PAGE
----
The Pushkin Museum is devoted to European Fine Arts, and is the most amazing place, containing many paintings which are familiar to me but I had assumed they were in the Louvre, or somewhere in the UK. Paying particular attention to the nineteenth century (of course!), I managed to get lost here, but it was worth it!
The Pushkin Museum of Art, Moscow
Goya, Monet, Manet, Corot, Whistler, Seurrat, Van Gogh, Cezanne – so many big names here, but the gallery proved a useful reminder that it’s not the names but the sheer amazingness of seeing the paintings, in the flesh (so to speak) that is important. For example, Corot’s Diana Bathing is so sculptural, so cold and yet lifelike, erotic and shadowy, and it’s hard to get a sense of that in a reproduction (see right). It should be a cliche, but somehow it isn’t.
It amused me somewhat to see Alma Tadema’s Queen Fredegonda at the deathbed of Bishop Praesextatus, so English, quasi-Pre-Raphaelite, and somehow unexpected! I was also pleased to see Toulouse-Lautrec’s Yvette Gilbert singing “Linger Longer Loo” (1894) (left) – it should be a caricature, almost silly, but it isn’t – such expression, it appeals to me. Oh, and so many Degas’ – ballet dancers, nudes – always less chocolate-box and more moving in the flesh, especially Dancer posing for a photographer – an interesting set-up. Of course, there were many artists I hadn’t heard of, such as Jean-Louis Forain, whose 1880 painting Leaving the Masquerade Ball at the Grand Opera particularly interested me – it should be just a society picture, but seemed much more than that, with a mysterious twist in that the women’s faces were obscured, not by masks.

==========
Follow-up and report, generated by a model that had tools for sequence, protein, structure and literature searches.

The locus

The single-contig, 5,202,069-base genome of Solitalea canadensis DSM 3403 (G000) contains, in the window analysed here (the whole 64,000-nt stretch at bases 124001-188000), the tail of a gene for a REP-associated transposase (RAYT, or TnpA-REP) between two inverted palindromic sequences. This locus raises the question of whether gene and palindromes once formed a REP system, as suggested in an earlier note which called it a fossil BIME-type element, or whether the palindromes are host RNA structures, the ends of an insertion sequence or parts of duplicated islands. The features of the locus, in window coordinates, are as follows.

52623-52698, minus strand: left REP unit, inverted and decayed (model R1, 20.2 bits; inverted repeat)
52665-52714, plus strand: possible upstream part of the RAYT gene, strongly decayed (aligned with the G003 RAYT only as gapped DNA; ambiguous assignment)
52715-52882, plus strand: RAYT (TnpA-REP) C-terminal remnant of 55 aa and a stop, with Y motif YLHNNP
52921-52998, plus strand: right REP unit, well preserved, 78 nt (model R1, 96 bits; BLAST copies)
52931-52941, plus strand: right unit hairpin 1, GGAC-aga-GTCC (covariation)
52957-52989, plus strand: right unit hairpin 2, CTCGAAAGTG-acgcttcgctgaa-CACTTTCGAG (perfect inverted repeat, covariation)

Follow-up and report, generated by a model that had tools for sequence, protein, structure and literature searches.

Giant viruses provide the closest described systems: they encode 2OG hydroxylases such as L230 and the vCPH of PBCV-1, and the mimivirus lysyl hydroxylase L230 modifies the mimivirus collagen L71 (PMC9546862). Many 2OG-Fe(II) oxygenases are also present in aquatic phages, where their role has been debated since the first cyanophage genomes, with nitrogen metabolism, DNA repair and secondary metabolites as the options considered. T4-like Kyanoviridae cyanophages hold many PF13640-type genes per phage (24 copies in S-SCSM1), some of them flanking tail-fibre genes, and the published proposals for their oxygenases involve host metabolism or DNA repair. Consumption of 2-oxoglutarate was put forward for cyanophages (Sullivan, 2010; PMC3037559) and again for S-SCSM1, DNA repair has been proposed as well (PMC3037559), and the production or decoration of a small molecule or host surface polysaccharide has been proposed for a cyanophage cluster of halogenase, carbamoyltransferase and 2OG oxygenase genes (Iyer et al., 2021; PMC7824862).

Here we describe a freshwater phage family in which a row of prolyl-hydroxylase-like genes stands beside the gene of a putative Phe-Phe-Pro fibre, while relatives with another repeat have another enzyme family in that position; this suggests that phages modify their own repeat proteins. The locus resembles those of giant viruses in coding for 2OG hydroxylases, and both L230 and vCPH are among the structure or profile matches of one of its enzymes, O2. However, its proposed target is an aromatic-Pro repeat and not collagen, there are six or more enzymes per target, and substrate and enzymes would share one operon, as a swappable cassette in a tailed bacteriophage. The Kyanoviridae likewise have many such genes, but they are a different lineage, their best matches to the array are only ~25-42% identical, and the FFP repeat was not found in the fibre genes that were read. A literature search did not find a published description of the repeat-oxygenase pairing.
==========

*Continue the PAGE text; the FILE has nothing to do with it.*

Other highlights were Sisley, who manages to make French landscapes look so English (to my Anglicised eyes!), and Monet’s White Water Lilies, so verdant and much less clicheed than I usually think of Monet. Also, while I’m not usually than keen on Renoir, Girls in Black (1880) is contemplative, quiet, while his 1876 Nude (right) seems to me a triumph of female sexuality over the male viewer (discuss!) Van Gogh, always so exuberant and somehow surprising, managed to surprise me again – Red Vineyard is great but The Sea at Saintes-Maries (1888) I love – such thick paint, so reminiscent of the movement of the sea. Another delight was Pierre Puvis de Chavannes The Companion (1887), which seemed almost medieval in style, perhaps reminiscent of Burne Jones’s medievalism, while the male presence seems to contain a threatening sexuality despite the anodyne title of the painting. I hadn’t seen before, but liked, Buffet’s drawings of Notre Dame de Paris, which had an appealing symmetry, seeming to reference th draughtsmanship of an earlier age, reducing perfect architecture to a few lines without losing their beauty.
The Fauvist painter Albert Marquet was someone I hadn’t come across before (more info here). His industrial cityscapes have an amazing beauty all there own – it’s very much about “the painter’s eye” here – and he paints water – from sea to canal – amazingly, with a visible, believable thickness.
The highlight of the museum, though, must be the Matisses. There’s a whole room of them, wonderfully vivid still lifes, which test one’s perception of perspective. I still can’t work out why I find them so visually satisfying, but I do. The ones here were Corner of an Artist’s Studio (1912), The Pink Studio (1911) (left), Nasturtiums, La Danse II (both 1912), Goldish (1911) and Arums, Iris and Mimosa (1912) – a blaze of colour and movement. It’s worth going to Moscow just for these.